It can be tempting to think that we are the reason we got hired (or rejected). But I think there are many other dynamics often at play in our journey to getting hired.
After working for over 30 different companies over many years (and failed many other job applications), I've seen that there are many different reasons that you can get hired or get rejected.
I think it can be an interesting thought experiment to go through some of those reasons.
As humans we often take things personally. We think that whether we got hired was all down to us and our own actions. That it's a reflection on ourselves personally. I've found that this often isn't the case. Who you are and what you do is a factor. But I think there are other factors that, together, play a much bigger role in determining whether you get the job or not.
Based on my own experience over the years, I thought I'd share a few of the reasons that I believe people get hired:
- Supply and demand of skills For example, if you're a Java developer and the job market is tight for those developers - i.e. there aren't many people in your area who can do Java development - then you're going go be highly saught after. And if clients are deperate enough, they may hire you just because you hava that essential Java skill, even if you don't necesarily have all the other skills they need.
- Geography Physically where you are located can also be a big factor. We might not notice that we are located in some part of the world, near one city or another. But location can have a lot to do with how many jobs are in your area and how many people are being hired.
- Economy The economy is a big factor. Depending on how the economy is doing in your region, country or even the world, there may be more or less demand for your skills. This can be cyclical - as we've seen with the late 90s-2000s dot-com boom and bust, the 2008 Global Financial Crisis and numerous other cycles affecting the world or various parts of it.
- Industry As the economy goes through cycles, so can a particular industry. An industry may go through a period of growth or transformation, so all the companies compete with eachother over who can move the quickest, and this creates demand for new jobs. For example, digital and agile transformations have been occurring in government and the financial sector of the Australian and UK economy over the past few years, creating growth in job opportunities. On the other hand, one or more industries may also downsize and cut jobs, as that industry fades into irrelevance, gets replaces, gets outsourced/offshored or encounters some other damper on growth. An example of this might be the decline of the newspaper business over the 2000s and 2010s.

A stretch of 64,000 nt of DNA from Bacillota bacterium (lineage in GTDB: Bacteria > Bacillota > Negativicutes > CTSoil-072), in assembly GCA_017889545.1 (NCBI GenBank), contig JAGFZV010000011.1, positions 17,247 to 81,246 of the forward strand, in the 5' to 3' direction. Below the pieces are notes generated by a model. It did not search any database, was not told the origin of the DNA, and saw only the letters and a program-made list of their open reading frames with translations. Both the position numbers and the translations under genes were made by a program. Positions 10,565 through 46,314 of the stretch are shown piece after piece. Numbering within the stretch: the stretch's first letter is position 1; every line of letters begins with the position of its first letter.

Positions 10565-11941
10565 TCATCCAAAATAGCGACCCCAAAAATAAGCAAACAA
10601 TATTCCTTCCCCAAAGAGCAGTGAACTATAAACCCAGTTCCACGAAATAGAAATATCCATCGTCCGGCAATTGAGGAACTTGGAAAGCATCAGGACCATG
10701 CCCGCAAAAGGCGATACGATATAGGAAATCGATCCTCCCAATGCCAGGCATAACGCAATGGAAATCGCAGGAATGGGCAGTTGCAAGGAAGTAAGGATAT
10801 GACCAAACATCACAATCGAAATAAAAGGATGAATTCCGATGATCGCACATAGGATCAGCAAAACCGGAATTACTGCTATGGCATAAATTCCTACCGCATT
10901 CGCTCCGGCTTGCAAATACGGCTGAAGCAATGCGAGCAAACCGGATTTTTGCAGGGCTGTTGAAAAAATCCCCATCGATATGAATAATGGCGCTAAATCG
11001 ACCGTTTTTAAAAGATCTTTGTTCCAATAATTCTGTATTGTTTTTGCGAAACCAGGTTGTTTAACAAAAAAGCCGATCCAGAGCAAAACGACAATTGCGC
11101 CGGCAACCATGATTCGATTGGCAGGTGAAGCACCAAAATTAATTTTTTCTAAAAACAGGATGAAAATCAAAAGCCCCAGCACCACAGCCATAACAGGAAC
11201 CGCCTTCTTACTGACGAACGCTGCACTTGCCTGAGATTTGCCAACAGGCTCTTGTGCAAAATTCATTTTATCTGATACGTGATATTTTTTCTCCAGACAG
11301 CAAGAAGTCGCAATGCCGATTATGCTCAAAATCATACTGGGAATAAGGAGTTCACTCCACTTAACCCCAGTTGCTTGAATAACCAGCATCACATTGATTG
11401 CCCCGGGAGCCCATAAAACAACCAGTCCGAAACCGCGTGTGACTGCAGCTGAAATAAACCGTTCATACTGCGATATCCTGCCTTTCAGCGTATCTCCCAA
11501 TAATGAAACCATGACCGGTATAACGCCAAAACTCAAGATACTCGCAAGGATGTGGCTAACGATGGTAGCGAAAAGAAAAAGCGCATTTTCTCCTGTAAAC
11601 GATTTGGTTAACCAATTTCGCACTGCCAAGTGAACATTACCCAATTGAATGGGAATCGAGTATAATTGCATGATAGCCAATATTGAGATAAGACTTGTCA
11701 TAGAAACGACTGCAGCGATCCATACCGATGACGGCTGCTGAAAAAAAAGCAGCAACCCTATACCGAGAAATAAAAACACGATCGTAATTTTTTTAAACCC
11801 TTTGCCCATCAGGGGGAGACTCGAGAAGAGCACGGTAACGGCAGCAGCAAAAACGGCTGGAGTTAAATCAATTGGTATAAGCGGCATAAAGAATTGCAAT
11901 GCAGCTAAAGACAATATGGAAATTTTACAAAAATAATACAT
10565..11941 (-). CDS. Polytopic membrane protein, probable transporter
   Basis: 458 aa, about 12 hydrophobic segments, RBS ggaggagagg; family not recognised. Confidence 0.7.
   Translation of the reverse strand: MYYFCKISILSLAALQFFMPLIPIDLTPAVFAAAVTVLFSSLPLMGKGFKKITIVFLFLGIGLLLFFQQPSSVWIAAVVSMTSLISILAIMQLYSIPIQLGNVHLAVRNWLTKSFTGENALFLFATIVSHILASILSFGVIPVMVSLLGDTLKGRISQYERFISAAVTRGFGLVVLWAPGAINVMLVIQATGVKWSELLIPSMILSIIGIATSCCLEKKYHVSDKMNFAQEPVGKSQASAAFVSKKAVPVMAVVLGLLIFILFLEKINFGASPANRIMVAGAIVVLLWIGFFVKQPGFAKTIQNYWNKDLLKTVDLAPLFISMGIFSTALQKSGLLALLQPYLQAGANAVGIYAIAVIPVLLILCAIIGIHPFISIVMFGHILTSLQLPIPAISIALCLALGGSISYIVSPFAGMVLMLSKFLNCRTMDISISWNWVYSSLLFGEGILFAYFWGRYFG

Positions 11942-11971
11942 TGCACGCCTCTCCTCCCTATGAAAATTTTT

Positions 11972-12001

- Seasonal Funnily enough seasons do still seem to matter! There are times of the year when people are more likely to take a break and go on holidays, e.g. Chrismas, versus other times when they're more likely to be working. Hiring activity may be greater when the weather is warm and lesser when it's cold. It's well known in Sydney that that job market tends to slow down around the end of the year and beginning of the next year, but picks up around the early to middle part of the year.
- Reputational The last point is reputational. A company or industry may have a reputation as being 'sought-after', which causes many applicants to flood the job market, making it tough for you to get in. But equally so, a company or industry can develop a reputation as being 'unwanted'. Maybe people think it's slowing down, there's less opportunity there, it's hard work for little pay or some other reason. But the reality might be the exact opposite! It might actually be a really good 'hidden gem', which no one else knows about!
Why do I bring up these reasons or factors for being hired? Well it's simple: I think by understanding these factors, you can better position yourself in the job market to score your dream job!
See, you might not be the most crash-hot super-senior Python engineer. You might not have a degree from a prestigious university or decades of experience or successful projects under your belt. But the job market doesn't care about that...
If there is a heightened demand and lowered supply of a particular skill, and you are there in the right place at the right time, you can take advantage of that opportunity to score yourself that dream job!
By looking at these factors and matching them up with your plans, you can set yourself up to cash in on job opportunities that wouldn't normally be available to you, due to high competition.
Once you've taken one of those opportunities, you can use it to pivot to the next one. So you take advantage of a temporary peak in demand to get yourself into an entry-level Python developer role. Then you can transition or 'pivot' into your next role, which might be a more senior Python developer role or maybe something else that you didn't even imagine you'd be doing!
So the summary here is – think about the reasons why you get a job and use them to discover hidden areas of the job market where there is high demand and low supply. Position yourself in those areas, like a ocean trawler with a net, and catch a boat load of fish!